Fortune, based on true events, catches Trinidad at a moment of historical change whose consequences reverberate down to present concerns with climate change and environmental destruction. As a story of love and ambition, its focus is on individuals so enmeshed in their desires that they blindly enter the territory of classic Greek tragedy where actions always have consequences.
Colm Tóibín’s new novel opens in a provincial German city at the turn of the twentieth century, where the boy, Thomas Mann, grows up with a conservative father, bound by propriety, and a Brazilian mother, alluring and unpredictable. Young Mann hides his artistic aspirations from his father and his homosexual desires from everyone. He is infatuated with one of the richest, most cultured Jewish families in Munich, and marries the daughter Katia. They have six children. On a holiday in Italy, he longs for a boy he sees on a beach and writes the story Death in Venice. He is the most successful novelist of his time, winner of the Nobel Prize in literature, a public man whose private life remains secret. He is expected to lead the condemnation of Hitler, whom he underestimates. His oldest daughter and son, leaders of Bohemianism and of the anti-Nazi movement, share lovers. He flees Germany for Switzerland, France and, ultimately, America, living first in Princeton and then in Los Angeles.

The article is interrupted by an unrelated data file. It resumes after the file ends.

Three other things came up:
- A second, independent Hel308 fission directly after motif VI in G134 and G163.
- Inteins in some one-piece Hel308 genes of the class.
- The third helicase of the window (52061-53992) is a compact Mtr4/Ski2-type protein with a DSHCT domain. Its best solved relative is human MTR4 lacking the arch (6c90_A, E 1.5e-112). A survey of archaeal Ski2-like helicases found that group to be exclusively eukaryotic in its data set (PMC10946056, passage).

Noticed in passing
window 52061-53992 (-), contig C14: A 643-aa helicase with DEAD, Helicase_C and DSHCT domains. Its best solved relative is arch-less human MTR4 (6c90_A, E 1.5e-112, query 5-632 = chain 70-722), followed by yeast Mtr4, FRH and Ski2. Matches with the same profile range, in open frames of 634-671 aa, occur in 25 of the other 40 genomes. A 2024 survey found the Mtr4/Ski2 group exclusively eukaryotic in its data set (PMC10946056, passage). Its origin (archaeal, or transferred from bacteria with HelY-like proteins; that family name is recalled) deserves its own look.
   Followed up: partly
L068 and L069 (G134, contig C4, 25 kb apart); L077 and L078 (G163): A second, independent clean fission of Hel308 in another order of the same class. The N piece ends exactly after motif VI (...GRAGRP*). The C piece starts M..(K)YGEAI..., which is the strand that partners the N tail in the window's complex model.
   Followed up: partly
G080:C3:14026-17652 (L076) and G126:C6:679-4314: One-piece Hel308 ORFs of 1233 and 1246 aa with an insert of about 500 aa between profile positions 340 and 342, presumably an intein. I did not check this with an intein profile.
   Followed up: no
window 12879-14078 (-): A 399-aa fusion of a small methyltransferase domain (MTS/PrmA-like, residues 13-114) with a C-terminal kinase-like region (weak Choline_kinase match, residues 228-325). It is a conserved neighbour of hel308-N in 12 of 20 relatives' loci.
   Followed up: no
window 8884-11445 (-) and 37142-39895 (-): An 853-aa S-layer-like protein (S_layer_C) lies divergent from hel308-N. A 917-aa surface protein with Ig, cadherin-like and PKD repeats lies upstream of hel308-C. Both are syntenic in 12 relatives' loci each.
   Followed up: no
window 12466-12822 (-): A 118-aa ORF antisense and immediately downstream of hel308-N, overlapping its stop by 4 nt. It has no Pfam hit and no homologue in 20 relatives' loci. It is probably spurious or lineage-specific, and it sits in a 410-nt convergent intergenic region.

The Magician is an intimate, astonishingly complex portrait of Mann, his magnificent and complex wife Katia, and the times in which they lived—the first world war, the rise of Hitler, World War II, the Cold War, and exile.
As you can see, I’ve only read one of these four books, Rose Nicolson – and loved it, so I would be very pleased if it won! I will be trying to read the other three, but might not have time before the winner is announced at the Borders Book Festival on Friday 17th June.
Have you read any of these books or are you tempted to read them? Which one do you think will win?